Bob Harris: Answers to DPAC Questions

DPAC questions emailed to trustee candidates October 28th, at 8:30pm. Answers received from Bob Harris October 29th.

  1.  What do you think is important to parents in the district?

I think that having access to a safe and caring school environment where there is a high standard in terms of behavioural expectations and where achievement in all its forms (academics, manual skills, citizenship, arts etc.) is promoted, recognized and rewarded are important features to parents in the district.

  1.  Why are you running for trustee?

I am running for trustee because as a retired teacher/counsellor with 35 years of experience at the Junior Secondary, Secondary and Post-Secondary levels and at both the local and provincial levels I have an abiding interest in the health and well-being of the public education system and a long-standing commitment to those it serves. As a retiree I retain the knowledge and the interest and now I have the time.

3.    What have you done to prepare yourself for the role of trustee?
Much of the work I have done as an educator has involved serving on bodies which formulate policy that has a direct impact on the opportunities from which students benefit. Creating environments that promote the likelihood that young people will develop into mature, caring and accomplished adults is worth the investment of time and energy and that is where I’ve chosen to spend my working life.

4.    How will you ensure that the schools in this district are safe and caring places for all students?
Drafting policies to ensure that schools are safe, caring places is important but it is only part of the solution. Another part involves molding the environment or the culture to make things like abuse or bullying a practice that is genuinely frowned upon and rejected by those within the culture. We have seen how this phenomenon has developed with regard to drinking and driving – I would suggest that young people are far more mature in dealing with the issue than was the case when I was growing up. In terms of schools, I have watched how effectively the leader groups (often unofficial) can influence the entire culture of the building by making it clear that they do not “take kindly” to those who make life miserable for others. I remember one particular moment when a couple of our respected senior students simply sat down with a younger student who was making life difficult for a new grade 8 boy. Without threat or bravado they simply explained, “We don’t do that at Kelly Road”. It proved far more effective and in many ways gentle than a more formalized approach might have been.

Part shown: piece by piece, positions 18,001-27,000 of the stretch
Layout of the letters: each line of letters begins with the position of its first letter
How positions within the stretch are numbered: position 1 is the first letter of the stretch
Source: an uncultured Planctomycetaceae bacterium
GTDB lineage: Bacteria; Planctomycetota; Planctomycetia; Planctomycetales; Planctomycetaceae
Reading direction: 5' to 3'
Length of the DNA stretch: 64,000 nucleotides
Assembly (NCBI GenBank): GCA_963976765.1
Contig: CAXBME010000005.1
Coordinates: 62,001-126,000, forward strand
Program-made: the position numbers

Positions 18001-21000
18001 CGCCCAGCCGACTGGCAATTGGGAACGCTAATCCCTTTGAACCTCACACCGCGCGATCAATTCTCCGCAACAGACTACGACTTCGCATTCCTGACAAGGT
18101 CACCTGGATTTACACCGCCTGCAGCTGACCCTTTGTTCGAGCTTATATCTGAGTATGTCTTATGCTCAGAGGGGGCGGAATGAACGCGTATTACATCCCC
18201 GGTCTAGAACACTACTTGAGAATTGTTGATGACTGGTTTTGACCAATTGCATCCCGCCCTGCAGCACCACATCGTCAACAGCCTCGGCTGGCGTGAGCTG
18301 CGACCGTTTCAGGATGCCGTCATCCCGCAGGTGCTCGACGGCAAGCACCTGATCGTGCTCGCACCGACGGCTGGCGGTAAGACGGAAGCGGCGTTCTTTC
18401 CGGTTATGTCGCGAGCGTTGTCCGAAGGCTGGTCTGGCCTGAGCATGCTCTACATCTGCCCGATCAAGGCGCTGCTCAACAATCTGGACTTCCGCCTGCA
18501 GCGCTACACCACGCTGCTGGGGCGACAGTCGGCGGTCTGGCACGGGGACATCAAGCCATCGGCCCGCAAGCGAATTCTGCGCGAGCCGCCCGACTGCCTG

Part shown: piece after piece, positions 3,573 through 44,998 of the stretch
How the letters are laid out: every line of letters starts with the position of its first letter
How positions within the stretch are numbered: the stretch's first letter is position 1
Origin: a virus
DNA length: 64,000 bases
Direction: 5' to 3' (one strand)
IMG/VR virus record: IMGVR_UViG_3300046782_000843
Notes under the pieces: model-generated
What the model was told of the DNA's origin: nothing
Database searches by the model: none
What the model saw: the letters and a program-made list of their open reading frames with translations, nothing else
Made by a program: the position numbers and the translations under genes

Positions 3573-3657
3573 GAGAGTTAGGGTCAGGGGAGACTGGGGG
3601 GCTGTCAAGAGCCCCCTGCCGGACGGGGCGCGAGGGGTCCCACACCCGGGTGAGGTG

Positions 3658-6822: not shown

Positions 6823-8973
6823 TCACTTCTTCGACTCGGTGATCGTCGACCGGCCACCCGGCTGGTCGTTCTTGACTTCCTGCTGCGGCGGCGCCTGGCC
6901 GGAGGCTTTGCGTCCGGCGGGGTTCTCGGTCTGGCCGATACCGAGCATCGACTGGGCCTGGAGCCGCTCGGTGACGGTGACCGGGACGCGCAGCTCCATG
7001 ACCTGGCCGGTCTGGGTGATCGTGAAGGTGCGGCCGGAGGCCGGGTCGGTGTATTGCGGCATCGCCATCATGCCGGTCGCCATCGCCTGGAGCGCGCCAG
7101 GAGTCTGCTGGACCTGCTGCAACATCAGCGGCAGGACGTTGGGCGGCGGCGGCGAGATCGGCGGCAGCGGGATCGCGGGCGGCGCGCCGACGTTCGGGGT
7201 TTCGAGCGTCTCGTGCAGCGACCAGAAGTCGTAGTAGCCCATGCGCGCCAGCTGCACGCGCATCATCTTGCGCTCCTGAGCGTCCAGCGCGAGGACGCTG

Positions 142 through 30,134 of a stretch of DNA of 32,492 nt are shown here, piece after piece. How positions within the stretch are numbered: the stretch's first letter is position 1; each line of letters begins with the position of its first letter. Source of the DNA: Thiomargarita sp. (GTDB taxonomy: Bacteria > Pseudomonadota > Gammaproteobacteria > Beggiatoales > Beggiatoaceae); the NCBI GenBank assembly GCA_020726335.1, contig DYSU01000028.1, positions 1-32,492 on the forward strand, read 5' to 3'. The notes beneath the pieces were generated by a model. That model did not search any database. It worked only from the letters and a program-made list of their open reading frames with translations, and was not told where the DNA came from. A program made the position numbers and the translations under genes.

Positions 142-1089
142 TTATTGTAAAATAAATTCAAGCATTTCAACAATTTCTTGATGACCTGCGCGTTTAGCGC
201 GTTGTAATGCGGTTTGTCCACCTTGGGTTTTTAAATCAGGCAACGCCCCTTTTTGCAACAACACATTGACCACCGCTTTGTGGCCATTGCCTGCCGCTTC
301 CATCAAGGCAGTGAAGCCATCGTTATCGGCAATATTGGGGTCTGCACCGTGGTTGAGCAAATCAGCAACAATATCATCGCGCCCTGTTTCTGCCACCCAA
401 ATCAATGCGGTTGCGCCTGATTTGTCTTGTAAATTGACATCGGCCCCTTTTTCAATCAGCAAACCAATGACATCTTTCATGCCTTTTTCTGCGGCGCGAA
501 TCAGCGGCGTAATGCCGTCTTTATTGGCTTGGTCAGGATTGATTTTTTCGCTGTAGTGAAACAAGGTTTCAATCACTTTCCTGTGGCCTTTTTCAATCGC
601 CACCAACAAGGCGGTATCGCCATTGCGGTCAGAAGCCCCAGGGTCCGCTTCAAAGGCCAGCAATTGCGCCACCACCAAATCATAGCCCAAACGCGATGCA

5.    How do you see your role as trustee in relation to the superintendent and staff?
As I understand it the Board has essentially one employee – the superintendent. As a result I see the Board as the body representing the interests of the public which elected them and the group which should give policy direction along with the Ministry to the superintendent and by extension the staff. I would certainly seek information from staff in their areas of expertise for the purpose of developing policy and providing direction.

6.    How will you demonstrate and communicate the accountability and transparency of the school board to parents and to the community?
I would hope to make Board meeting minutes widely available, limit in-camera sessions to an absolute minimum and invite parents and students to participate actively and frequently to ensure the system remains accountable.

7.    Is there anything else you’d like to add?

I can’t think of anything that I might add apart from an insightful quote I happened upon. Ghandi said “There is no school equal to a decent home and no teacher equal to a virtuous parent.” In my experience parents working positively with teachers can accomplish great things for students.

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